Eye-Tracking

The eyes have it... They have the key to whether your design is working.

Everybody lies, according to Dr. House. Just like doctors need to pay close attention when patients describe their illness, usability professionals are examining users to diagnose the issues in design. Are there any behavior-based tests that would help us directly gain insights on how users do and/or react to products? Eye tracking can simply be described as a technology to track where people's eyes are looking. So will users' eyes lie about their behavior? What is fixated (by eyes) and what is processed (by brains) are usually coupled together. So when users look at a word or object, he or she also thinks about the process. Therefore, researchers can use the eye data to infer what content attracts users' attention and has been cognitively processed, whether or not users can express usability opinions (or lie about them!).
Journey Mapping

Capture and communicate how users interact with products and services as they strive to achieve a goal.

Journey maps illustrate a holistic view of the complex interactions that occur over time as users move towards achieving a goal. Typically, we create maps in the context of personas so that we can show how different user needs, motivations, and desires impact the journey. Both the process of creating the map and the map itself serves to cultivate empathy for users, identify product/service insights and opportunities, and create a shared understanding among stakeholders.

Design

EchoUser provides a multitude of design services, including interaction design, visual design, and industrial design. We also design for multiple devices and platforms, including the web, smart mobile devices, and elsewhere. We aim to create compelling, usable, and intuitive designs for any platform that best fits the underlying experience.

Interaction Design

We design to optimize your product experience, your customer's satisfaction, and your success.

As a core part of our holistic design process, interaction design deals with the nuts and bolts of your design - how a user literally interacts with it to achieve certain goals. Get the nuts and bolts right, and everything else is gravy. But get them wrong, and you'll definitely be hearing from unhappy users. At the highest level we can perform a heuristic evaluation - think of the 100-point inspection at your local Jiffy Lube - where we compare your designs to standard best practices and guidelines. From there it's on to sketches of potential design solutions, wireframe mockups, and prototypes of the final designs (often with some usability thrown into the mix).
Use Cases

The blueprints for successful design

Use cases are the crossover from the user to design. Once you've thoroughly understood the users' wants and needs, then you can plan design by laying out all the needed use cases. From scenarios to step-by-step task flows, use cases are the blueprint for interaction design. Later, they are the roadmap to what you should be usability testing. If you don't know the 'stories' of how your users will interact with your product, then design can be stressful and disjointed. Let us help you with proper use case design.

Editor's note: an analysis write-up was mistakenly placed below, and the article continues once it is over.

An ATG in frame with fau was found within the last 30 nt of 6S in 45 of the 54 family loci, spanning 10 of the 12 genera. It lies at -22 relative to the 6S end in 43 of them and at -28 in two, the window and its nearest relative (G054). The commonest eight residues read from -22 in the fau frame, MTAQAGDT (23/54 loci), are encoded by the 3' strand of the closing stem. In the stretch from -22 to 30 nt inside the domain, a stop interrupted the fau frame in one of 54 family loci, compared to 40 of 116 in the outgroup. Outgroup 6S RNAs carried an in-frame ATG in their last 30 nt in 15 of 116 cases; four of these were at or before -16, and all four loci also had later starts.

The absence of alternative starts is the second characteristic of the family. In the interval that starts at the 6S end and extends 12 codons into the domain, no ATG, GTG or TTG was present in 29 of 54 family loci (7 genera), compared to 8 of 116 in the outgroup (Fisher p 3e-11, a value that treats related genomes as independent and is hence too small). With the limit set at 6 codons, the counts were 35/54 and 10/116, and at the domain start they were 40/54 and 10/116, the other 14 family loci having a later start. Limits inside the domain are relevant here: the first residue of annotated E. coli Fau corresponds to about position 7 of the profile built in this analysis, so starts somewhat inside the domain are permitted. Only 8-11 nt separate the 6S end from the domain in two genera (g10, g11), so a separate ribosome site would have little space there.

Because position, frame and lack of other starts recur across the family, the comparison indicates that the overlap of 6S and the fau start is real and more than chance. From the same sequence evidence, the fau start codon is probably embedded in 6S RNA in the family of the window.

Wireframing

Wireframing: LEGO, but for adults. Quick, draft design, but appealing and communicative.

The way we see it, uncertainty is part-and-parcel of the design process. As a result, wireframing and sketching out conceptual designs, testing out ideas and exploring uncertainty - it all comes with the territory. So whether it's sketching something by hand on the whiteboard or in a sketchbook, wireframing screens in a tool like Omnigraffle or Visio, or building a clickable wireframing prototype in Fireworks or Dreamweaver, we'll make uncertainty converts of you, too.
Prototyping

Prototyping, not practice, makes perfect design

Like wireframing, prototyping is all about exploring design concepts. However, where prototyping differs is that there's often a user feedback element: because prototypes are meant to be interactive. Not yet "real" products, but however you can demonstrate interactivity. We recommend putting them in front of users as soon as possible. Paper prototypes and sketches work well, as do clickable screenshots embedded in Powerpoint and Keynote (or even online); HTML web prototypes are the next level up (see Front End Engineering service).
Industrial Design

Industrial designers' hands are like carpenters' hands, just smoother. Let us build for you.

Tocar. Sentir. Toccare. What we touch is as important as what we see, which is why getting the industrial design of a product down pat is so crucial. Whether you're early on in the design process and need conceptual sketches, a bit more advanced and in need of foam core design prototypes, or in the final stages of refining CAD models, we'd be more than happy to help.